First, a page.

CHRIST (Deemed to University), BangaloreDEPARTMENT OF MATHEMATICSSchool of Sciences 

Syllabus for

1 Semester  2021  Batch  
Course Code 
Course 
Type 
Hours Per Week 
Credits 
Marks 
AEN121  ADDITIONAL ENGLISH  Ability Enhancement Compulsory Courses  3  3  100 
ELE131  NETWORK ANALYSIS AND ANALOG ELECTRONICS  Core Courses  4  4  100 
ELE151  NETWORK ANALYSIS AND ANALOG ELECTRONICS LAB  Core Courses  2  2  50 
ENG121  ENGLISH  I  Ability Enhancement Compulsory Courses  3  2  100 
FRN121  FRENCH  Ability Enhancement Compulsory Courses  3  3  100 
HIN121  HINDI  Ability Enhancement Compulsory Courses  3  3  100 
KAN121  KANNADA  Ability Enhancement Compulsory Courses  3  03  100 
MAT131  DIFFERENTIAL CALCULUS  Core Courses  4  4  100 
MAT151  INTRODUCTION TO PYTHON PROGRAMMINGI  Core Courses  2  2  50 
PHY131  MECHANICS  Core Courses  4  04  100 
PHY151  MECHANICS LAB  Core Courses  2  02  50 
SAN121  SANSKRIT  Ability Enhancement Compulsory Courses  3  3  100 
TAM121  TAMIL  Ability Enhancement Compulsory Courses  3  3  100 
2 Semester  2021  Batch  
Course Code 
Course 
Type 
Hours Per Week 
Credits 
Marks 
AEN221  ADDITIONAL ENGLISH  Ability Enhancement Compulsory Courses  3  3  100 
ELE231  LINEAR AND DIGITAL INTEGRATED CIRCUITS  Core Courses  4  4  100 
ELE251  LINEAR AND DIGITAL INTEGRATED CIRCUITS LAB  Core Courses  2  2  50 
ENG221  ENGLISH  II  Ability Enhancement Compulsory Courses  3  2  100 
FRN221  FRENCH  Ability Enhancement Compulsory Courses  3  3  100 
HIN221  HINDI  Ability Enhancement Compulsory Courses  3  3  100 
KAN221  KANNADA  Ability Enhancement Compulsory Courses  3  03  100 
MAT231  DIFFERENTIAL EQUATIONS  Core Courses  4  4  100 
MAT251  INTRODUCTION TO PYTHON PROGRAMMINGII  Core Courses  2  2  50 
PHY231  ELECTRICITY AND MAGNETISM  Core Courses  4  04  100 
PHY251  ELECTRICITY AND MAGNETISM LAB  Core Courses  2  02  50 
SAN221  SANSKRIT  Ability Enhancement Compulsory Courses  3  3  100 
TAM221  TAMIL  Ability Enhancement Compulsory Courses  3  3  100 
3 Semester  2020  Batch  
Course Code 
Course 
Type 
Hours Per Week 
Credits 
Marks 
AEN321  ADDITIONAL ENGLISH  Ability Enhancement Compulsory Courses  3  3  100 
ELE331  COMMUNICATION ELECTRONICS  Core Courses  4  4  100 
ELE351  COMMUNICATION ELECTRONICS LAB  Core Courses  2  2  50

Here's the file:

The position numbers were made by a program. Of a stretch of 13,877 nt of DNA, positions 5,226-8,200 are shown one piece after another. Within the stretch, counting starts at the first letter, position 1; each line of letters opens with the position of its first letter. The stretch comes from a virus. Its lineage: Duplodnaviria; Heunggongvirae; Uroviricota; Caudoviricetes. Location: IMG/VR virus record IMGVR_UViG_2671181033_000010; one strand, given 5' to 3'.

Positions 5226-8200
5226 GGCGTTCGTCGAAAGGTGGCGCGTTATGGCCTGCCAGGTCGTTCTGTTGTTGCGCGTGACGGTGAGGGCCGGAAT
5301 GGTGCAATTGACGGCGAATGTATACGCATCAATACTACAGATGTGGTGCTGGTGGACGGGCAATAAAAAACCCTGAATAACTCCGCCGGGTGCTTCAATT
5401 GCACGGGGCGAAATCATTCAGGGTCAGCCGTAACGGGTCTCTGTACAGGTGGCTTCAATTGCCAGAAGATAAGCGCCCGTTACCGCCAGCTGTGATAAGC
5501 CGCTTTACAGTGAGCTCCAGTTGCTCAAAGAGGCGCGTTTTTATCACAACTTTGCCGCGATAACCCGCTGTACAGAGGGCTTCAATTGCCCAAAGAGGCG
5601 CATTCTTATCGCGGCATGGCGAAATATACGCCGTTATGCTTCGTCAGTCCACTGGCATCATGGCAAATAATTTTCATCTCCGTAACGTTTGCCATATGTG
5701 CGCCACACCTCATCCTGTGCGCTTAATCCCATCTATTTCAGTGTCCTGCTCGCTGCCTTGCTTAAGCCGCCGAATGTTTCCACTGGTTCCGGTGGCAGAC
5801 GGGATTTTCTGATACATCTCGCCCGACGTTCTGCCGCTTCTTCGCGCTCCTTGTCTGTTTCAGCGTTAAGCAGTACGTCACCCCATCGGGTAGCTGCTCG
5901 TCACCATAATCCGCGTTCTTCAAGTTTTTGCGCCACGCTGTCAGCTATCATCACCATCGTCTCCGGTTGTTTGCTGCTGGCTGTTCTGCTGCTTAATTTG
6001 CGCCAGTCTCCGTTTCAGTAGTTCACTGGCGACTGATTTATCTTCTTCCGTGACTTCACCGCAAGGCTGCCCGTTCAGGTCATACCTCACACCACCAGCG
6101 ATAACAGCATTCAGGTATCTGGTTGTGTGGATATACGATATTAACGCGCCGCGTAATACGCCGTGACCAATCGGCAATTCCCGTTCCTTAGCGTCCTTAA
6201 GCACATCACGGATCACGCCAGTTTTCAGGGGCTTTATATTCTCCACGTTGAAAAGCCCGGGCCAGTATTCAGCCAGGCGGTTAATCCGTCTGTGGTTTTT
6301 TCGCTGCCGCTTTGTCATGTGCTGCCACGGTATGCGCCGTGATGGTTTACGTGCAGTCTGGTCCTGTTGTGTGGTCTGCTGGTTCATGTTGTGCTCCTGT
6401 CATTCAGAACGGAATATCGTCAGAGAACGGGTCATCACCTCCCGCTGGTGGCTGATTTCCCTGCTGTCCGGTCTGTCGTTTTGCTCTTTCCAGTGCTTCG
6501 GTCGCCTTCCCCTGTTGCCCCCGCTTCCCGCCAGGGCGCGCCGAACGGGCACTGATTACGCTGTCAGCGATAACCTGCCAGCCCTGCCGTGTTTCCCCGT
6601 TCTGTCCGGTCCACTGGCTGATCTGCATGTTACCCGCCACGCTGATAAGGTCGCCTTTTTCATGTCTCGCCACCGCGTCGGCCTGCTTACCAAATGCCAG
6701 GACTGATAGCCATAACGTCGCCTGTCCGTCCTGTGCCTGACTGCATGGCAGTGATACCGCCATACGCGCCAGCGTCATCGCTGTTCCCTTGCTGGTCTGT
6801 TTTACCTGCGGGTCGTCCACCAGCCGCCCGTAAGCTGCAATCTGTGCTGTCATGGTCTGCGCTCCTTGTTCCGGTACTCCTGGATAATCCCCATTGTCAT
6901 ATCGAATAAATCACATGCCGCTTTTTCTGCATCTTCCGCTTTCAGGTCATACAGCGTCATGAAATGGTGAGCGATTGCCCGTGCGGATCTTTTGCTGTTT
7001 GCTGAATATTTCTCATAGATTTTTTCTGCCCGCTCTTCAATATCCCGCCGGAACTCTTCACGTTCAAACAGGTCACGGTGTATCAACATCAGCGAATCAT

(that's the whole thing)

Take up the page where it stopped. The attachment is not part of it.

ENG321  ENGLISHIII  Ability Enhancement Compulsory Courses  3  2  100 
FRN321  FRENCH  Ability Enhancement Compulsory Courses  3  3  100 
HIN321  HINDI  Ability Enhancement Compulsory Courses  3  3  100 
KAN321  KANNADA  Ability Enhancement Compulsory Courses  3  03  100 
MAT331  REAL ANALYSIS  Core Courses  4  4  100 
MAT351  PYTHON PROGRAMMING FOR MATHEMATICS  Core Courses  2  2  50 
PHY331  THERMAL PHYSICS AND STATISTICAL MECHANICS  Core Courses  4  04  100 
PHY351  THERMAL PHYSICS AND STATISTICAL MECHANICS LAB  Core Courses  2  02  50 
SAN321  SANSKRIT  Ability Enhancement Compulsory Courses  3  3  100 
TAM321  TAMIL  Ability Enhancement Compulsory Courses  3  3  100 
4 Semester  2020  Batch  
Course Code 
Course 
Type 
Hours Per Week 
Credits 
Marks 
AEN421  ADDITIONAL ENGLISH  Ability Enhancement Compulsory Courses  3  3  100 
ELE431  MICROPROCESSOR AND MICROCONTROLLER  Core Courses  4  4  100 
ELE451  MICROPROCESSOR AND MICROCONTROLLER LAB  Core Courses  2  2  50 
ENG421  ENGLISHIV  Ability Enhancement Compulsory Courses  3  2  100 
FRN421  FRENCH  Ability Enhancement Compulsory Courses  3  3  100 
HIN421  HINDI  Ability Enhancement Compulsory Courses  3  3  100 
KAN421  KANNADA  Ability Enhancement Compulsory Courses  3  03  100 
MAT431  ALGEBRA  Core Courses  4  4  100 
MAT451  PYTHON PROGRAMMING FOR MATHEMATICAL MODELLING  Core Courses  2  2  50 
PHY431  WAVES AND OPTICS  Core Courses  4  04  100 
PHY451  WAVES AND OPTICS LAB  Core Courses  2  02  50 
SAN421  SANSKRIT  Ability Enhancement Compulsory Courses  3  3  100 
TAM421  TAMIL  Ability Enhancement Compulsory Courses  3  3  100 
5 Semester  2019  Batch  
Course Code 
Course 
Type 
Hours Per Week 
Credits 
Marks 
ELE531  EMBEDDED SYSTEMS AND IOT FUNDAMENTALS  Core Courses  3  3  100 
ELE541A  OPTO ELECTRONIC DEVICES AND COMMUNICATION  Discipline Specific Electives  3  3  100 
ELE541B  ELECTRONIC INSTRUMENTATION  Discipline Specific Electives  3  3  100 
ELE541C  DIGITAL SIGNALS AND SYSTEM ARCHITECTURE  Discipline Specific Electives  3  3  100